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I'm trying to solve this non-linear differential equation using substitution $\dfrac{y}{x}$ to $t$. However, I can't solve this equation.

$$ \text{xy$\prime $} = \left(\frac{y}{x}\right)^3+y $$

How to solve this equation and what's the general solution?

Thanks.

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if you change the dependent variable to $u=y/x$, as you said, the equation becomes $x^2u'=u^3$, which can be immediately be solved by separating variables.

Show us what you tried and we may help you with it.

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  • $\begingroup$ Just a comment, I think that you get x^2 u' = u^3 $\endgroup$ – Adrián Barquero Oct 21 '10 at 15:36
  • $\begingroup$ @Adrián: indeed, that was a typo. $\endgroup$ – Mariano Suárez-Álvarez Oct 21 '10 at 15:37
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The substitution $u = \frac{y}{x}$ works. What you have is

$y = ux$

i.e., $ y' = x u' + u$

or $x y' = x^2 u' + y$

Substituting this into your equation, we get

$x^2 u' = u^3$

Which can be solved using standard methods.

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    $\begingroup$ May I observe that this is exactly what I wrote? $\endgroup$ – Mariano Suárez-Álvarez Oct 21 '10 at 15:52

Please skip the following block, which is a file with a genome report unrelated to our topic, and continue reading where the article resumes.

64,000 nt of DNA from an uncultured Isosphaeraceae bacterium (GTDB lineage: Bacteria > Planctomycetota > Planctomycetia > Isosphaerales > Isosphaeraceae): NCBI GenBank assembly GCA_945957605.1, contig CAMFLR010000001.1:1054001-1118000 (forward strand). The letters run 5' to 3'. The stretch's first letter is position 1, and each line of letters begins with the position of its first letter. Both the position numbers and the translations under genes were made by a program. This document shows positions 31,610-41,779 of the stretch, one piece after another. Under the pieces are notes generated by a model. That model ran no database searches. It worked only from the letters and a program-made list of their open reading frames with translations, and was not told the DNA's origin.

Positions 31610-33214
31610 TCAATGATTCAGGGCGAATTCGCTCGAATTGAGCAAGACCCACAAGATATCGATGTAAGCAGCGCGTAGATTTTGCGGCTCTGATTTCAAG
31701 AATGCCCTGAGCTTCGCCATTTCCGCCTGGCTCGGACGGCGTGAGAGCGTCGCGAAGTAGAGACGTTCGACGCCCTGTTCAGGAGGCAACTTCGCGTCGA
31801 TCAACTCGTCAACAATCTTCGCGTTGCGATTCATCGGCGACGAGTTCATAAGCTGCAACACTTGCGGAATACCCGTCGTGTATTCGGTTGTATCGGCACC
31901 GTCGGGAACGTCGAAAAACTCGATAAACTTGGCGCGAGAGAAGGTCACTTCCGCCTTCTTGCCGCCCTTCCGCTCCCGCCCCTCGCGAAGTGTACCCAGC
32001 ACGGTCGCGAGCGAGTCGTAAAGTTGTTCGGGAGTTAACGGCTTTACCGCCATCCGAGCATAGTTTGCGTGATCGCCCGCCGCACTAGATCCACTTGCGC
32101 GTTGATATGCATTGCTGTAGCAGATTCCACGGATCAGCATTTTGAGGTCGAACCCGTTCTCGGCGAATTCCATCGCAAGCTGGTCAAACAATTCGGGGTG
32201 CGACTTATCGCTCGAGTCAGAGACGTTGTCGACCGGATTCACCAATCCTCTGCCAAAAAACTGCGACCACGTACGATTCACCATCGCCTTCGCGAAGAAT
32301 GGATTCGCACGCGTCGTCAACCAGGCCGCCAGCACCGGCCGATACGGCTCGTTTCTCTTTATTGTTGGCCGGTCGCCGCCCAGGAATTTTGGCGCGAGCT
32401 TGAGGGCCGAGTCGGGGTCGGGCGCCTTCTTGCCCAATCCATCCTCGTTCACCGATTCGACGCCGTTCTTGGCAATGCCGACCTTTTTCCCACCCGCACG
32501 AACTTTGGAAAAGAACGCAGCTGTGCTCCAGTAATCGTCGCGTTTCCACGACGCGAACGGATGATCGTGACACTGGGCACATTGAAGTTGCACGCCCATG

• $\begingroup$ Indeed Mariano. I should have given my answer as a comment, but my rep wasn't high enough. $\endgroup$ – svenkatr Oct 21 '10 at 16:27
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Here is my solution. Is this right?

\begin{align} \text{xy$\prime $} = \left(\frac{y}{x}\right)^3+y \\ \\ \frac{y}{x}=u, \\ y = \text{ux}, \\ \text{y$\prime $} = \text{u$\prime $x} + u \\ \\ x^2\text{u$\prime $} = u^3 \\ \int \frac{1}{u^3} \, du =\int \frac{1}{x^2} \, dx \\ -\frac{1}{2u^2} = -\frac{1}{x} + c \\ u^{2 }= \frac{1}{\frac{2}{x}+c} \\ y^{2 }= \frac{x^2}{\frac{2}{x}+c} \\ y = x\left(\frac{2}{x}+c\right)^{-\frac{1}{2}} \end{align}

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  • $\begingroup$ Ooops.. my LaTex code is not working. $\endgroup$ – Brian Oct 21 '10 at 16:24
  • $\begingroup$ What are you trying to do with those $ inside \text{}? $\endgroup$ – Agustí Roig Oct 21 '10 at 16:27
  • $\begingroup$ How can I insert new line in LaTex code? $\endgroup$ – Brian Oct 21 '10 at 16:31
  • $\begingroup$ Okay, it's working finally. $\endgroup$ – Brian Oct 21 '10 at 16:49
  • $\begingroup$ I think it's right. Thanks guys. $\endgroup$ – Brian Oct 22 '10 at 14:44

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